These simultaneous stories cut from one to the other, and while I could probably describe them in a less nonsensical fashion than I have just done, that might defeat the purpose. The enjoyment of the movie is in being caught up in its single-minded devotion to its own vision, not in completely understanding what that vision is.
This is the first movie by Aronofsky that I’ve seen. I own his previous two films, “Pi” and “Requiem for a Dream” but haven’t had a chance to see them yet. Both of those films have gained cult status, praise from critics, awards and several Top 10 lists. “The Fountain” is his first movie since 2000 and it’s taken him that long to get this project together. The special effects make it blockbuster expensive, but it’s certainly not the kind of movie that brings in blockbuster crowds. It features two actors playing multiple characters (or maybe the same character) in three different time periods, with each story overlapping the other two in strange ways. You can see why studios weren’t too eager to fund it let alone understand how to market it.
Aronofsky is known for putting together bizarre, entrancing images, beautifully filmed by cinematographer Matthew Libatique and scored by composer Clint Mansell (both men are his regulars.) He usually shoots scenes either head-on or exactly in profile, with few three-quarter shots or other jaunty angles. The head-on shots, in particular, give the film an otherworldly feel simply because direct shots is something you often don’t see. Even if you knew nothing else about the film, you’d know it was unusual for that reason alone.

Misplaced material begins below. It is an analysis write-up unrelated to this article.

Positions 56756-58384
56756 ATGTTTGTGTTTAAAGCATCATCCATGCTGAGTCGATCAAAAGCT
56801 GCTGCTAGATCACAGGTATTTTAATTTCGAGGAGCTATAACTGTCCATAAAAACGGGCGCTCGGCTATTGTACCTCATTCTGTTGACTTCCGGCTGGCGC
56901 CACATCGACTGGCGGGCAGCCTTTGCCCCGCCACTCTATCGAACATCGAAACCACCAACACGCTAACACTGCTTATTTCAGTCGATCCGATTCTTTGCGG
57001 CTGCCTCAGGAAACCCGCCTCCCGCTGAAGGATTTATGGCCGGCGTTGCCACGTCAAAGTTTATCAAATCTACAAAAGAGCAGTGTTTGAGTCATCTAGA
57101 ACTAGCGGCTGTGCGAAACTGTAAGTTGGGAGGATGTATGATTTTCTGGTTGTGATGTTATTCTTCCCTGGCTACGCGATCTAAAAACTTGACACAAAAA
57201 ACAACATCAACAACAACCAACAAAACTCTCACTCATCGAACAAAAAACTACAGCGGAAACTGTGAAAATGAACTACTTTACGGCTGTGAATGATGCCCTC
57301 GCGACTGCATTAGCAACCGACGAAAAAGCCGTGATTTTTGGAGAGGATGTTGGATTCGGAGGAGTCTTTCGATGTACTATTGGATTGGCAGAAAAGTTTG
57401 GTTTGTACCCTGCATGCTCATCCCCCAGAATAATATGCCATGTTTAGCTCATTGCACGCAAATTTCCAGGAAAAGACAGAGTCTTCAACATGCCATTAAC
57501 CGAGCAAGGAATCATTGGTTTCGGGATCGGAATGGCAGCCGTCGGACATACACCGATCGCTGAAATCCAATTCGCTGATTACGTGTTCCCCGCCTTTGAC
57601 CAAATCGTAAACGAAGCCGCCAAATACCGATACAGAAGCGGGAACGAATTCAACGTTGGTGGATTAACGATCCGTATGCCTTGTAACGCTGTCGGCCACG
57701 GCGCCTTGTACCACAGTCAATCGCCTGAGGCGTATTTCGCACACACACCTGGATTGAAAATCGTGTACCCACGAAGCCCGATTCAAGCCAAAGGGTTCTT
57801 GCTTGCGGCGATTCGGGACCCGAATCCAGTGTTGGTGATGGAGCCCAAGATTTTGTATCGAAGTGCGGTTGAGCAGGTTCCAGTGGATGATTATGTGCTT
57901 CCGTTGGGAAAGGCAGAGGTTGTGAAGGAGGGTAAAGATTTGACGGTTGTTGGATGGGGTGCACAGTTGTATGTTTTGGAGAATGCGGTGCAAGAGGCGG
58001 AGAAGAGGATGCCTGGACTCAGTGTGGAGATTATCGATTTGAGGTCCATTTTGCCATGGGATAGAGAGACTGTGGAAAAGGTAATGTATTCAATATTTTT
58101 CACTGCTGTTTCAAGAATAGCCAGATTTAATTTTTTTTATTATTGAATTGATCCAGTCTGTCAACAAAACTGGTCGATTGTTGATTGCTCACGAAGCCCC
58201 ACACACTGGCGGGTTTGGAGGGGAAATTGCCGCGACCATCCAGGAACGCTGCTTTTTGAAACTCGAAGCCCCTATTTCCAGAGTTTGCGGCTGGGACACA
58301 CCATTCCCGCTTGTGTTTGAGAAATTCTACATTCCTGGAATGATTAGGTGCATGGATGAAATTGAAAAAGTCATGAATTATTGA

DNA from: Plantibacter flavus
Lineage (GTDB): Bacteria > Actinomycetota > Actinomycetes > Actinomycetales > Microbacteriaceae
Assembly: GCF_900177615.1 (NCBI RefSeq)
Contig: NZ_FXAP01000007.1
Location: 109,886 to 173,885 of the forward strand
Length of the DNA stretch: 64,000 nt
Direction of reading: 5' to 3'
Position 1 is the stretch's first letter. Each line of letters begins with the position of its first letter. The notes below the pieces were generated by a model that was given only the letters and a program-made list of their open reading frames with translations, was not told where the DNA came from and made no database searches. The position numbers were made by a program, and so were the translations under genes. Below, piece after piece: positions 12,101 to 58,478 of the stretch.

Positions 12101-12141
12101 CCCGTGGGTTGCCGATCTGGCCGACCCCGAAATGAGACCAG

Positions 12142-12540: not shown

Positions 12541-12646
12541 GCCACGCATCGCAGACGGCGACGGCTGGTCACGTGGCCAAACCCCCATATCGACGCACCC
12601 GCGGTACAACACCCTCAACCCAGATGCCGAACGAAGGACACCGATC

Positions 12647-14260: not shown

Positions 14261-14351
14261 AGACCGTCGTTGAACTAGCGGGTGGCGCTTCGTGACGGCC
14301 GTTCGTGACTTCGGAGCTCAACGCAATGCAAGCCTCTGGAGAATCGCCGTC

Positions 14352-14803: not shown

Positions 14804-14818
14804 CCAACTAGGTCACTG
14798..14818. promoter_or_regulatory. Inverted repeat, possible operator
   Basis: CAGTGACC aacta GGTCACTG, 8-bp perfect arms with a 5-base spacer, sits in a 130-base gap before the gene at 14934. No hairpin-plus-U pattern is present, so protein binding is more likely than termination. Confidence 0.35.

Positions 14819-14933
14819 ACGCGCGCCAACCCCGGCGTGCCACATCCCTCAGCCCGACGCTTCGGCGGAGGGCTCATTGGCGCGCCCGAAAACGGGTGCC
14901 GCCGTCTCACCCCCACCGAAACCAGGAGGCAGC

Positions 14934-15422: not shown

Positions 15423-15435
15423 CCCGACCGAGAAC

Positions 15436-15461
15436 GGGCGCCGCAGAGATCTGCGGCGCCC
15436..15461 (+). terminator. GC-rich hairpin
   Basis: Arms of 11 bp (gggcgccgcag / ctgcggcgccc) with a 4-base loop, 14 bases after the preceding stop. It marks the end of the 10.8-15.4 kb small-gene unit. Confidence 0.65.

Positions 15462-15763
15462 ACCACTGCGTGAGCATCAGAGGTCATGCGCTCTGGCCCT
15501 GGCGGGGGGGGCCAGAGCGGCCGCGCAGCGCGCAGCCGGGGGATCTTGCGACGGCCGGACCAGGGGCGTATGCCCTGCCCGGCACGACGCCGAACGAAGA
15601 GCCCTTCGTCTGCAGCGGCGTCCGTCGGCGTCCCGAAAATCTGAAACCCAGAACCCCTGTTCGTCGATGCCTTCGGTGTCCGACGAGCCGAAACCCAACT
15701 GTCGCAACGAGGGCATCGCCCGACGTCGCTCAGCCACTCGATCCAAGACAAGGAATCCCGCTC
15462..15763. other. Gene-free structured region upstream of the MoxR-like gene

Considering all that, this film will probably not be appreciated as it should. It may come across as pretentious or artsy but I see it as beautiful in both its story and visuals. Once in a while, a film will come around and have that effect on a viewer, if allowed.
The material and dialogue are somewhat melodramatic and the scenes with Thomas and Izzie often may not feel like the way people naturally talk. It takes actors who are both absorbing and absorbing actors to make that acceptable and captivating. Jackman and Weinz deliver some great work here and any reservations I may have had disappeared as I connected to feelings of obsession, acceptance and loss.
Although I like Brad Pitt’‘s acting, I can’t see him being as convincing as Jackman is here. I enjoyed the variety in the supporting cast as well. Cliff Curtis is a favorite of mine, and of course, Ellen Burstyn is always amazing. Of course, seeing Ethan Suplee was sort of jarring due to his popularity in “My Name is Earl”, but I knew him from the excellent “American History X” anyway.
The story is more than just a rumination on life and death, but also on the vital role both play on the other. The film has an intricate plot, and even if I understood all the details, it would be completely beside the point. The point is how the viewing experience makes you feel and think. A friend of mine recently saw this around the same time I did and he stated that he felt the movie was sad , but he loved it. Sounds like he got it. I see it as a movie that is designed to envelop you in its emotions rather than tell you a story. It’s certainly worth repeated viewings and is the kind of quiet movie that will most likely be appreciated more over time, I’ll consider it a masterpiece.
CLASSICS is a Keeping It Reel feature that sheds light on past and present films which are considering “classics” by Paul and David. Some are award-winners while others could be seldom seen films that demand your attention.